The banks recognise that the payment type is not the competitive differentiator, it is the enabler for the new competitive services. The ecosystem needs the modern infrastructure to allow for innovation. Most global banks are challenged to evolve legacy systems and architecture, but by sharing the cost of centralized payments infrastructure modernization the P27 initiative reduces the individual load on each bank as well as releasing human resources and financial capital to address their internal infrastructure. Larger banks are currently maintaining separate infrastructures and adhering to separate rulebooks in all countries. With P27 it is expected that banks can simplify their technology footprint and the overheads associated with this, by condensing to a single infrastructure and rulebook. The scheme also aims to align its standards with those of SEPA to bring further consolidation benefits to Nordic banks facilitating payments to Europe. Additionally, for smaller banks they are likely to feel a cost benefit from the increased number of enriched data payment services provided by the P27 central infrastructure itself.

We expect that innovation to take inspiration from other advanced real-time and digital payment markets, like India, and place a focus on digital overlay services. It will be most interesting to see the P27 initiative flesh out further details for its digital overlay services plans.

Swish is the dominant RTP service in the Nordics due to the uptake of merchant payment services, but the next step would be to see an eCommerce experience. Electronic invoices are very common in Sweden which enable you to pay via your bank account or with alternative payments like Klarna. Leveraging digital overlay services such as Request to Pay (R2P) would enable scaling electronic invoicing, and improve the customer experience even further. R2P (also called Request for Payments (RfP) elsewhere in the world) would be a natural evolution for the Nordics, where historical trends indicate digital overlay services would see smooth adoption by consumer and merchant customers.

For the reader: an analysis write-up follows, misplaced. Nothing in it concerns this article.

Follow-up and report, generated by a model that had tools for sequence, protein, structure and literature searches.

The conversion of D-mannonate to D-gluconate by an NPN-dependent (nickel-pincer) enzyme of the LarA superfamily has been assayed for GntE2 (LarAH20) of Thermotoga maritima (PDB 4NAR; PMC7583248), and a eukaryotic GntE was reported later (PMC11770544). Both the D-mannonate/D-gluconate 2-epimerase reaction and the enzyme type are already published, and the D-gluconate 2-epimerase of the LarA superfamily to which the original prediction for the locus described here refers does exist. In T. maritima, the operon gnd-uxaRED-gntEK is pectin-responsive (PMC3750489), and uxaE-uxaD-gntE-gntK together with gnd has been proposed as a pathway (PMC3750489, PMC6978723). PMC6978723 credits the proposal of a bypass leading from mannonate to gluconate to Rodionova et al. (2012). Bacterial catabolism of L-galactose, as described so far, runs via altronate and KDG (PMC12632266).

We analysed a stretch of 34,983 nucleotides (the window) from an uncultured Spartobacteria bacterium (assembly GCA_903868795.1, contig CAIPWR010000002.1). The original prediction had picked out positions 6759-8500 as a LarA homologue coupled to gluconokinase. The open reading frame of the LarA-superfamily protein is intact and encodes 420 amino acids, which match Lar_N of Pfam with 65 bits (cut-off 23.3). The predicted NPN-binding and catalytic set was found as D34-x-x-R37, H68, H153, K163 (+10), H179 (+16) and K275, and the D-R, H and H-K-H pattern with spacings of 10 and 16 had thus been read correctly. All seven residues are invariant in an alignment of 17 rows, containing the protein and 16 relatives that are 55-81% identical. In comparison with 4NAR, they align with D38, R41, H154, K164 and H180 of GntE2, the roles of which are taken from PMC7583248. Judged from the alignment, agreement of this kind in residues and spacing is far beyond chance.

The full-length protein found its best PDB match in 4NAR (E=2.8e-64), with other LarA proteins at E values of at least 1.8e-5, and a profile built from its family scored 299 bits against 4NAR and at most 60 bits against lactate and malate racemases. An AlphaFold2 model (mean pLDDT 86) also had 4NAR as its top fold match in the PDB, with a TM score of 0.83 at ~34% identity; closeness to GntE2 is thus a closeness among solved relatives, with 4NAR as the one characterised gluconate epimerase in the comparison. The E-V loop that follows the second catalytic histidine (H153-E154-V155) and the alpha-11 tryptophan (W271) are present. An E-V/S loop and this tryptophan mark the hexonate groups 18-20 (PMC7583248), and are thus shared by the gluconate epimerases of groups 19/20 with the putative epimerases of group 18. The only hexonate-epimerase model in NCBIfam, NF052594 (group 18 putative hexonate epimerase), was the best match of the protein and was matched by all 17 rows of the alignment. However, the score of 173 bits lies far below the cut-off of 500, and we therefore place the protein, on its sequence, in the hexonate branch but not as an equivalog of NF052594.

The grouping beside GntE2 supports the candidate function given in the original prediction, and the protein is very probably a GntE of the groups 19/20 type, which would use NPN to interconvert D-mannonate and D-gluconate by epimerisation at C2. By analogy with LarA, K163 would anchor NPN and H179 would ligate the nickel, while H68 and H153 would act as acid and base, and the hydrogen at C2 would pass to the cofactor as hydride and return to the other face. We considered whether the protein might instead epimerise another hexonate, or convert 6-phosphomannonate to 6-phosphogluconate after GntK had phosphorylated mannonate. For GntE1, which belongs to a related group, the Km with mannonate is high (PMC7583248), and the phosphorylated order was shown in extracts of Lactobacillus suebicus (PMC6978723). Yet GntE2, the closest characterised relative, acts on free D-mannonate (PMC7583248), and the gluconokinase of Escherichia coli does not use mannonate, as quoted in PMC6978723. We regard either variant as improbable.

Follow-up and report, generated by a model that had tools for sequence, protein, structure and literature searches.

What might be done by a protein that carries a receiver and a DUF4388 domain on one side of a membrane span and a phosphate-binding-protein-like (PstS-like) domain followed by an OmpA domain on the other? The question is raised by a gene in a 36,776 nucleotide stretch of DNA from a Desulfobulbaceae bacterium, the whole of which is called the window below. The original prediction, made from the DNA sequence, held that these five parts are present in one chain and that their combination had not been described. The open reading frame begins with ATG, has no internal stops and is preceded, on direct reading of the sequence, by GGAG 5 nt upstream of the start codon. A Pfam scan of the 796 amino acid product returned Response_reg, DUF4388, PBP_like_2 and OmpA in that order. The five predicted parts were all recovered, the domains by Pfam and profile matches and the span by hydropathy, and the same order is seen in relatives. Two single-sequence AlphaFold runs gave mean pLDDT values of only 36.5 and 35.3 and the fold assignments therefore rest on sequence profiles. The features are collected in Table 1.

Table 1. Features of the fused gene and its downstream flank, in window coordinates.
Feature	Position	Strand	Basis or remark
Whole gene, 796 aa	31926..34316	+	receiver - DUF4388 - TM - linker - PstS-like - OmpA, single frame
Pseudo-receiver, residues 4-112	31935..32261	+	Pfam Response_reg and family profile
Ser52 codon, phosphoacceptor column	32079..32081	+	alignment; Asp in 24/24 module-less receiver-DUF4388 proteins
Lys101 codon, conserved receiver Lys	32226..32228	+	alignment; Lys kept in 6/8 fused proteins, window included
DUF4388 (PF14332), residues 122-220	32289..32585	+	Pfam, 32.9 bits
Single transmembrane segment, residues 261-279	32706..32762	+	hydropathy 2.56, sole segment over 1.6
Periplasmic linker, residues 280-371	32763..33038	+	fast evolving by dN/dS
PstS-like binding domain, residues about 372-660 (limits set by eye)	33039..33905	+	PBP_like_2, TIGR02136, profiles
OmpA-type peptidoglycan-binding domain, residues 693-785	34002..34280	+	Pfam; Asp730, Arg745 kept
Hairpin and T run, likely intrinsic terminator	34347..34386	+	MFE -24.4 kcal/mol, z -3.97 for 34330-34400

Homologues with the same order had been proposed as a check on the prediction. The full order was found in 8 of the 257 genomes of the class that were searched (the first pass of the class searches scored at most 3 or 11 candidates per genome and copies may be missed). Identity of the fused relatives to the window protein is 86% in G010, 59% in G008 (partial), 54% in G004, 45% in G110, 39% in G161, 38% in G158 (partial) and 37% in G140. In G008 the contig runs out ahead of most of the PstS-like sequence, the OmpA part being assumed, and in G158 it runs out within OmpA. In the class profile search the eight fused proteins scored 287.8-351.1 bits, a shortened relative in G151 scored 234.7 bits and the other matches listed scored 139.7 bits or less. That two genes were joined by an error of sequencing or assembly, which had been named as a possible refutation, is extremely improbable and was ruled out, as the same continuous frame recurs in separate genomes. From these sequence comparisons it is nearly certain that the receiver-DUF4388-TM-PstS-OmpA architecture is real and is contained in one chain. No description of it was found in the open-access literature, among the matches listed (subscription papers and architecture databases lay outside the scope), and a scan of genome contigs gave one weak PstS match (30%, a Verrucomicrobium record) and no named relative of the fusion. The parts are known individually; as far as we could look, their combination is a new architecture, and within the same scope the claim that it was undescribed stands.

I’d also expect to see overlay services that address the multi-currency challenges of the region, as this is a primary focus of the P27 initiative. The region is looking to move beyond single currency schemes. From an adoption perspective, shoppers are most comfortable paying in their local currency and preferred method. Developing consistency across the Nordics in terms of RTP method will drive conversions at POS. Accepting real-time payments in any Nordic currency, regardless of your physical business location would become a competitive differentiator for merchants.

The long-term success of the scheme will be in its ability to drive revenue growth, not just cost reduction on legacy systems and transaction pricing. This growth will come from delivering new services for customers across the consumer, merchant and corporate space.